Stadium executive beats COVID-19

From his living room, inside his home in West Orange, New Jersey, Bill Squires, 66, describes what life is like back at home, after beating COVID-19.

 "I've lost 35 pounds. I have to relearn how to walk and learn again, how to swallow, I'm on  a feeding tube.” His voice fades, a little from emotion, as well as taking an extra gasp of air, yet another side effect from the coronavirus.

But Bill Squires is alive. 

As someone who worked for George Steinbrenner, and mapped out operations for a new Met Life Stadium, when Squires was on a ventilator for 32 days due to COVID-19 taking him away from his family for 70 days ... something within him helped him survive.

Squires credits his college days, as a midshipman in the U.S. Naval Academy at Annapolis. “I went to the Naval Academy and … there's nothing that we say ‘we can't’, we ‘just do’”.

Squires was hospitalized at St. Barnabas Hospital in Livingston, New Jersey on March 26th and almost immediately put on a ventilator. On May 2nd, doctors removed the vent.

“A ventilator for 32 days is an extremely long time, to be honest with you. I didn't know what a ventilator was until I checked into Kessler Institute for my rehab and I Googled it,” Squires recalls. “And what I saw was not pleasant.  It doesn't look like a whole lot of fun.”

After 23 days at the Kessler Rehabilitation Center, Squires returned to his home in West Orange, New Jersey on June 5th.  Reunited with His wife Jodi and children Sean, Ashley and Sydney, as well as his son-in-law and grandson.

Standing outside of his West Orange home with his youngest daughter Sydney and wife Jodi, Squires tells Tina Cervasio, with a socially distanced wave, he had the best Father's Day ever, at home.

Sydney is taking the summer off from college classes to help take of her dad, along with her mom Jodi.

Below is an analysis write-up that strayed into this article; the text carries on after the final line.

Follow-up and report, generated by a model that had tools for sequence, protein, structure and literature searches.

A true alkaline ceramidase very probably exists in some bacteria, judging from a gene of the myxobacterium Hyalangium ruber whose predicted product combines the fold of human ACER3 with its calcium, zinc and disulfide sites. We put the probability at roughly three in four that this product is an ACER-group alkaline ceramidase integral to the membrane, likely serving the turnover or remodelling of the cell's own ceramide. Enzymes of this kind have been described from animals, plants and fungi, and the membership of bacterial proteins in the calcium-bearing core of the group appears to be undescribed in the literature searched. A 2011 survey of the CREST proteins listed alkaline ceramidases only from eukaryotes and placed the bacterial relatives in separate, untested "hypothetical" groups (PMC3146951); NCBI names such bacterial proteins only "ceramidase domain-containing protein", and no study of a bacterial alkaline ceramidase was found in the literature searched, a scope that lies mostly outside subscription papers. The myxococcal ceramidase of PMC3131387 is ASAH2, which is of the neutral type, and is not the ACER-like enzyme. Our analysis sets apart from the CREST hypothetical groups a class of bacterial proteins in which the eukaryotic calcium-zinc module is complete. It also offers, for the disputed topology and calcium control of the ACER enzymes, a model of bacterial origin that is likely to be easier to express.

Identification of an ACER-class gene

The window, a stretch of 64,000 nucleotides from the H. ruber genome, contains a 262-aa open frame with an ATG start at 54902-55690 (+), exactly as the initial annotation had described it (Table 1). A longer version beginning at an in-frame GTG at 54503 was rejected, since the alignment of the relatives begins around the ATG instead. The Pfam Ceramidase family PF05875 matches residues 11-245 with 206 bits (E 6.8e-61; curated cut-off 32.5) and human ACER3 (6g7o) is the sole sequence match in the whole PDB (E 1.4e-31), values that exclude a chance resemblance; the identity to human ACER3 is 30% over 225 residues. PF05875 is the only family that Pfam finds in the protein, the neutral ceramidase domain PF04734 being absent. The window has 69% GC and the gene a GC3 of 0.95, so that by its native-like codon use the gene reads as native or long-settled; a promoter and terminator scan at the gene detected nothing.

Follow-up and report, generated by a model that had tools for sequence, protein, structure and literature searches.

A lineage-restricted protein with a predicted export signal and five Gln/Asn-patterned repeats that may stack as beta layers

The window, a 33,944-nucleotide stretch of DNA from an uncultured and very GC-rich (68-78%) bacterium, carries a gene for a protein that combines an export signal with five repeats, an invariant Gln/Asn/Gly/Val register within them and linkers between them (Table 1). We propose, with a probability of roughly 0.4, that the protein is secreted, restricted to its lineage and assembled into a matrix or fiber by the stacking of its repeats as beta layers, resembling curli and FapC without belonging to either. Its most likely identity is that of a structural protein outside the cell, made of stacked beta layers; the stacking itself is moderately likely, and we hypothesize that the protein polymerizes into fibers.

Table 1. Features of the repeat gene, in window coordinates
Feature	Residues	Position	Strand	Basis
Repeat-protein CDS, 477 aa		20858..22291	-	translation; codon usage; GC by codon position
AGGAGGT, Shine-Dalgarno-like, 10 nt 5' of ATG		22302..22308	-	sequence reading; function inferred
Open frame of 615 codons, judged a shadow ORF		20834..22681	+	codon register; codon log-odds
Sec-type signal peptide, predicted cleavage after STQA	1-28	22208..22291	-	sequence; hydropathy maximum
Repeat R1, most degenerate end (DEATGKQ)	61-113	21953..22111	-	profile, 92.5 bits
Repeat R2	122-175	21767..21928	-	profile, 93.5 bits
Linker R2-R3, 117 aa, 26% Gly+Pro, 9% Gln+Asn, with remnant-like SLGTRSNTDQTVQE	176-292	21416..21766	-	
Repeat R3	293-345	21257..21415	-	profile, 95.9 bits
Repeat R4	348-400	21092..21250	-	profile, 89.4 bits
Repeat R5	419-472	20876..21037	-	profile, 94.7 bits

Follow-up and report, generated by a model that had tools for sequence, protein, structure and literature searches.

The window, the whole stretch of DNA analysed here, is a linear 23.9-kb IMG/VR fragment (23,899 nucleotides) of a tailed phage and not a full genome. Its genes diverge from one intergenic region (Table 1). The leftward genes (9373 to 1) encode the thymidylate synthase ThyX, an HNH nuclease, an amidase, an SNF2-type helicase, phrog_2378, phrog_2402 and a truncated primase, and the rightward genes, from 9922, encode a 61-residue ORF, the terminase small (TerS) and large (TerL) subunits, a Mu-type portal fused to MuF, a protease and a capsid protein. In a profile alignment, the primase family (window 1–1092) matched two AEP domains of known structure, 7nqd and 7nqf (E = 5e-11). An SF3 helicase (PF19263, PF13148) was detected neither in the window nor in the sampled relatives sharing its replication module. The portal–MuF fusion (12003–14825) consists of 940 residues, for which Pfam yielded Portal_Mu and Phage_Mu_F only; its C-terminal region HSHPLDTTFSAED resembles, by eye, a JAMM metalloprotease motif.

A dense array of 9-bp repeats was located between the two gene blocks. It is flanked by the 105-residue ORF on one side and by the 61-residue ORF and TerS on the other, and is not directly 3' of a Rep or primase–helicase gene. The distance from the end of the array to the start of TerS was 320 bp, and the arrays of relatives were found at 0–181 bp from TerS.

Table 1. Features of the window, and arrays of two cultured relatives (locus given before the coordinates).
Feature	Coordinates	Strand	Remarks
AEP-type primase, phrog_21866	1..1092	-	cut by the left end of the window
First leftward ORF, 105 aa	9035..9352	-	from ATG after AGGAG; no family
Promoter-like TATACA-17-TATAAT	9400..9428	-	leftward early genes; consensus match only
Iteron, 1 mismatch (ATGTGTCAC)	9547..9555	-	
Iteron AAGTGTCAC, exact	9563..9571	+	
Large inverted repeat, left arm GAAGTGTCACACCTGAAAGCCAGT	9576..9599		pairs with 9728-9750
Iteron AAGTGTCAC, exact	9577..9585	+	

“He's been terrific, it's really great to have him home,” says his wife Jodi.


Sydney adds, “It's been so surreal, it was very scary for a long time, so having him here, home and healthy on the road to recovery is amazing.”

Squires is long time executive in sports facilities.  Managing the old Yankee Stadium in the 80's and Giants Stadium in the 90's, He now runs his own consulting firm with the New York Giants as a client.

When you ask Squires how he found the will to beat COVID-19, he deflects and credits the healthcare workers. From X-Ray technicians to those who changed his bed sheets.

“I can remember one doctor is coming to me and see me, regularly, he would ask me to squeeze his fingers… if I heard him,” Squires explains as he becomes emotional. “It was just the attention to detail. And the caring I felt, I felt that … they basically loved me. And it was special, very special.”

Squires is also grateful for the prayers from family, friends and colleagues, acknowledging there was also help from above saying, “there's some promises made with my Lord and Savior because not many people get a second chance on life.”

And with his "second chance" Squires says his purpose is to create awareness.

“This disease is not a joke. It kind of appalls me when I hear some people thinking it's politics and it's a hoax and it's not real. It's real. I'm living proof that it's real. … And there’s 122,000 people who have died from this disease in this country. Over 12,800 have died in the state of New Jersey. And my heart goes out to them …  and their families.”


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